I do a lot of free writing, writing in which my conscious mind is as little involved as possible, in an attempt to dredge stuff up from the murk of my unconscious mind. I often do this to a prompt, a line of text from another book, or an image, something of that nature. I’ll then assemble some of these fragments, throw in some other disparate things that have interested me in some way, things I’ve seen, snippets of conversation I’ve overheard, things I’ve been told, images I’ve found, and things I’ve read from both fiction and non-fiction. And then I’ll force myself to come up with ways of linking together what is usually a fairly incongruous set. I can’t come up with ideas for my fiction deliberately, consciously, so I rely on tricks like this that force my unconscious to work. When it’s going well, I sometimes feel I’m tapping into some collective cultural pool of oneiric imagery, or working some kind of transmutative alchemy.
There are two key texts behind my way of writing. The first is Raymond Roussell’s posthumously published essay, ‘How I Wrote Certain of My Books’. In this essay, Roussell partially anatomizes his idiosyncratic poetics. He describes a technique he used to generate narrative content which consisted of the manipulation of homonyms, similar sounding words. He’d take a trite phrase such as a cliché or an advertising slogan, then come up with another phrase that sounded similar, but which had a different meaning. He’d then force himself to work the meaning of the second phrase into his narrative, no matter how odd it was. And this was just an early level of his method – later stages, which he declines to discuss in the essay, were presumably even stranger. While I don’t use a method as individual or as demanding as Roussell’s, the spirit of his process has influenced mine.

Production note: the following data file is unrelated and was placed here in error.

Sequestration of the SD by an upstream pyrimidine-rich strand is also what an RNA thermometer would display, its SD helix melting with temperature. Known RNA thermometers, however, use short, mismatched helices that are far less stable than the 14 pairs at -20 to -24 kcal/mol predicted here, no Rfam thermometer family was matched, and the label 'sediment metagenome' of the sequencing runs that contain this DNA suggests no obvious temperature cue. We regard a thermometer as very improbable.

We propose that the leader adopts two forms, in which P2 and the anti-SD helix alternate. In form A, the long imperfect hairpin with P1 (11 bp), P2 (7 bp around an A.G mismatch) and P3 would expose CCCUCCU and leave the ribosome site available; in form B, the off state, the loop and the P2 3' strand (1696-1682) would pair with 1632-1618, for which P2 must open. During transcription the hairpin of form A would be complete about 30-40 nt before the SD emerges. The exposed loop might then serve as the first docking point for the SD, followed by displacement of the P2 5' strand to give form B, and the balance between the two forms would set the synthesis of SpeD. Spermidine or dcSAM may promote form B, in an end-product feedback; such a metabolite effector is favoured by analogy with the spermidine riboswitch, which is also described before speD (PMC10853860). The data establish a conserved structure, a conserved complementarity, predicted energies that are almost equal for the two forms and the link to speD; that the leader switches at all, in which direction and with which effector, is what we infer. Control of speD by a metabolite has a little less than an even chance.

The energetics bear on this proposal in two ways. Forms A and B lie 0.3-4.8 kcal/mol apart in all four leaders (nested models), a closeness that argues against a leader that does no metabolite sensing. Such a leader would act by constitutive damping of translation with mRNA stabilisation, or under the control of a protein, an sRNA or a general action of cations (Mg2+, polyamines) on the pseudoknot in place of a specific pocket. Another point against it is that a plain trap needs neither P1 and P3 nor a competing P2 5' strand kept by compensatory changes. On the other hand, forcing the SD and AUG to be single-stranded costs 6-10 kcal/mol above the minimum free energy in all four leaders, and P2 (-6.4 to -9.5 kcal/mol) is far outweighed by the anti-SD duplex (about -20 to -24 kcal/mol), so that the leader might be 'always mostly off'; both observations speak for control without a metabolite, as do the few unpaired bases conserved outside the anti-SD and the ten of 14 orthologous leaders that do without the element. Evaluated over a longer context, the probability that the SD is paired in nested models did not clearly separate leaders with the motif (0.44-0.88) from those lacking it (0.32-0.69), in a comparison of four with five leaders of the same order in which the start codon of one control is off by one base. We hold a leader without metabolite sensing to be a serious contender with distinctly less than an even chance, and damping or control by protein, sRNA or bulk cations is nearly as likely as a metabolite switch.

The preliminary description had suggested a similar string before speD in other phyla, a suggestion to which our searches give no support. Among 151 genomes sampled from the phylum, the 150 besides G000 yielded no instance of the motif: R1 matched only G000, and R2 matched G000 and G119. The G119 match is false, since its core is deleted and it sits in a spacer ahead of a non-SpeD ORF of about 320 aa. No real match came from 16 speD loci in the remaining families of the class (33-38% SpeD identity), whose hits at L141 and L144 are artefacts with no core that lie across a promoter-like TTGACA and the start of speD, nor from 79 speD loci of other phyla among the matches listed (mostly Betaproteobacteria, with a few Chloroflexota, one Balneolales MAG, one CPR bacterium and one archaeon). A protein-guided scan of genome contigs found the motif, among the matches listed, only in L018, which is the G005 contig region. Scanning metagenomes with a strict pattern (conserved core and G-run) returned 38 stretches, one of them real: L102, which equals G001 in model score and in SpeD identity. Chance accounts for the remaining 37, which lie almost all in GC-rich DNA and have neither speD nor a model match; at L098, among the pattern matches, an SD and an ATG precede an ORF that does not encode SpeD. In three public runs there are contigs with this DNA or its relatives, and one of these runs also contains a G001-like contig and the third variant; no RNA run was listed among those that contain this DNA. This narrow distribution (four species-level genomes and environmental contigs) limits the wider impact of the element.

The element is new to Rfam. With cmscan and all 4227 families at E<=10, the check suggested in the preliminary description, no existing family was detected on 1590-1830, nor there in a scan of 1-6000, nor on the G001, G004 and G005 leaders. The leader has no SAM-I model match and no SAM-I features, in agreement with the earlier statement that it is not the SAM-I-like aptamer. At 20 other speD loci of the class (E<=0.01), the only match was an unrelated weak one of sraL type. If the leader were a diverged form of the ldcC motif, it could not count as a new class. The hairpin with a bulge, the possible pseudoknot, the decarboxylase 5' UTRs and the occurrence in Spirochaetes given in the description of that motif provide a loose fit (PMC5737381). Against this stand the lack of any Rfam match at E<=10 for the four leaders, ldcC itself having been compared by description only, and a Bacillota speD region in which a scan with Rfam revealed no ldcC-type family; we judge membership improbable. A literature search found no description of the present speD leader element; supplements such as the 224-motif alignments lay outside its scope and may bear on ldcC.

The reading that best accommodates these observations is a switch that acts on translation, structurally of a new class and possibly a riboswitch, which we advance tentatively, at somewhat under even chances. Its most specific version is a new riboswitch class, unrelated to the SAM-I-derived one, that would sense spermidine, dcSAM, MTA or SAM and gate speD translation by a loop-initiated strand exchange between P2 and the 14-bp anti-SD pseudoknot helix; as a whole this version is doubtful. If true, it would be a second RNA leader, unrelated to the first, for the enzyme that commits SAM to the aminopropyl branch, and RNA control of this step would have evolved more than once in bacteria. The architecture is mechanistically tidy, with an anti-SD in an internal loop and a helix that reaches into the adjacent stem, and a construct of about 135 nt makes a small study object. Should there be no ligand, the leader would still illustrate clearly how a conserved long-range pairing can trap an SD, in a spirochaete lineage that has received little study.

The second text is Gilles Deleuze’s late essay of 1993, ‘Literature and Life’. In it, Deleuze writes, ‘The writer returns from what he has seen and heard with bloodshot eyes and pierced eardrums.’ This is an important notion for me, the idea that writing is a risky endeavour, that it involves plumbing the depths in some way.

8. How can readers discover more about you and you work?

I’ve a couple of blogs:, which contains information about me as a writer, some musings, and a soundtrack for my novel, The Wanderer; and, which is a collection of antic texts I’ve found. I’m pretty poor at updating these, but I can also be found on Twitter, @TimothyJJarvis.